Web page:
Sen. Rand Paul (R-KY) has repeatedly attempted to reignite fiscal conservatism in Washington. Despite lamenting President Joe Biden and the Democrats’ free-spending ways, Republicans were not too thrilled over Sen. Paul’s “Six Penny Plan.” This federal budget proposal aimed to balance the books in five years by returning to 2019 spending levels. Back then, politicians’ outlays were already out of control, so it would not be too much to ask the greedy Gretchens to at least try to return to spending $4.4 trillion instead of more than $6 trillion.
However, it turned out to be too much to endure for Democrats and Republicans, as the legislation was voted down 67-29. All Democrats and 17 Republicans opposed the measure, including Sens. Susan Collins (R-ME), James Inhofe (R-OK), Mitch McConnell (R-KY), and Ben Sasse (R-NE). Following the vote, Paul issued a statement:
“Washington’s addiction to spending is hurting our economy and depleting our currency. Inflation is stealing every American’s purchasing power and financial security. And yet, no democrat or republican has produced a federal budget; my Six Penny Plan is the only one. My plan provides a commonsense solution for fiscal sanity. It puts our nation on track to balance the federal budget in the next five years, and it solves this inflationary and spending crisis that Congress created.”
This was not Paul’s first attempt at resuscitating fiscal sanity. In 2011, his colleagues shot down a budget resolution that would have frozen – not cut – spending for five years. In 2018, senators rejected Paul’s “Penny Plan” that would have balanced the budget in five years by simply trimming a mere one cent out of each non-Social Security dollar for five straight years. A year later, esteemed representatives were against his “Pennies Plan” which recommended two cents-per-dollar cuts for five years.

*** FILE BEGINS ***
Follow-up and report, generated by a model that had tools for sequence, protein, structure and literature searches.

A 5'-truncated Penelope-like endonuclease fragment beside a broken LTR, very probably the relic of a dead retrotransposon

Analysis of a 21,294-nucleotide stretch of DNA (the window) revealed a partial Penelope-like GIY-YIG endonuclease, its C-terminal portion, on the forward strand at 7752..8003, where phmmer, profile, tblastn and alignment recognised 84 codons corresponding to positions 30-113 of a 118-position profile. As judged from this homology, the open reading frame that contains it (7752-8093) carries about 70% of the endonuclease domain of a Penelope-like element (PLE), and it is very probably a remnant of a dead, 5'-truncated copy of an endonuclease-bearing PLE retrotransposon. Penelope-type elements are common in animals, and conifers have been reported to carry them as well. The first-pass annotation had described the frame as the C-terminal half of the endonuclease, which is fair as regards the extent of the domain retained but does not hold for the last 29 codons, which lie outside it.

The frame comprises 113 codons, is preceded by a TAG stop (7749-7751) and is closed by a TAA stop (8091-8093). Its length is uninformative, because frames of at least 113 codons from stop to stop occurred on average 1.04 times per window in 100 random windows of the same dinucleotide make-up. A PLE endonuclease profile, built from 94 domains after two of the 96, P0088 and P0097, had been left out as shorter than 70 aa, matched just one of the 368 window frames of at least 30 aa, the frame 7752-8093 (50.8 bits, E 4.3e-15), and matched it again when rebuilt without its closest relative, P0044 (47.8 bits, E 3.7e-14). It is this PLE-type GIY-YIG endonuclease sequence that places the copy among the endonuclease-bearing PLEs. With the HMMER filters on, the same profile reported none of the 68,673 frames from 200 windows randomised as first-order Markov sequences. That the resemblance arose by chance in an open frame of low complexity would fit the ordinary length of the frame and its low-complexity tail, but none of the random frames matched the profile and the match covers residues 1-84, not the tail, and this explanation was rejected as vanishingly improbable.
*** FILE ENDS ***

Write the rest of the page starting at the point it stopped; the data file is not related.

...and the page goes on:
Under current law, the Biden administration forecast that the US government will record approximately $14 trillion worth of deficits over the next decade. At a time when interest rates are rising, and the White House is presenting subdued interest-rate projections in this span in the FY 2023 budget, the federal deficits will intensify, and the national debt will accelerate.
Here is a warning from the Committee for a Responsible Federal Budget (CRFB):
“As a result, net interest will comprise a larger and larger share of federal spending, increasing deficits and crowding out other important priorities. Policymakers should work to reduce budget deficits and put debt on a sustainable path through a combination of entitlement reforms, spending reductions, and revenue increases.”
This is what happens when there is a bipartisan blitzkrieg to determine who can outspend and add to Uncle Sam’s credit card that will need to be repaid by future generations. As the 45th president would routinely tweet: Sad!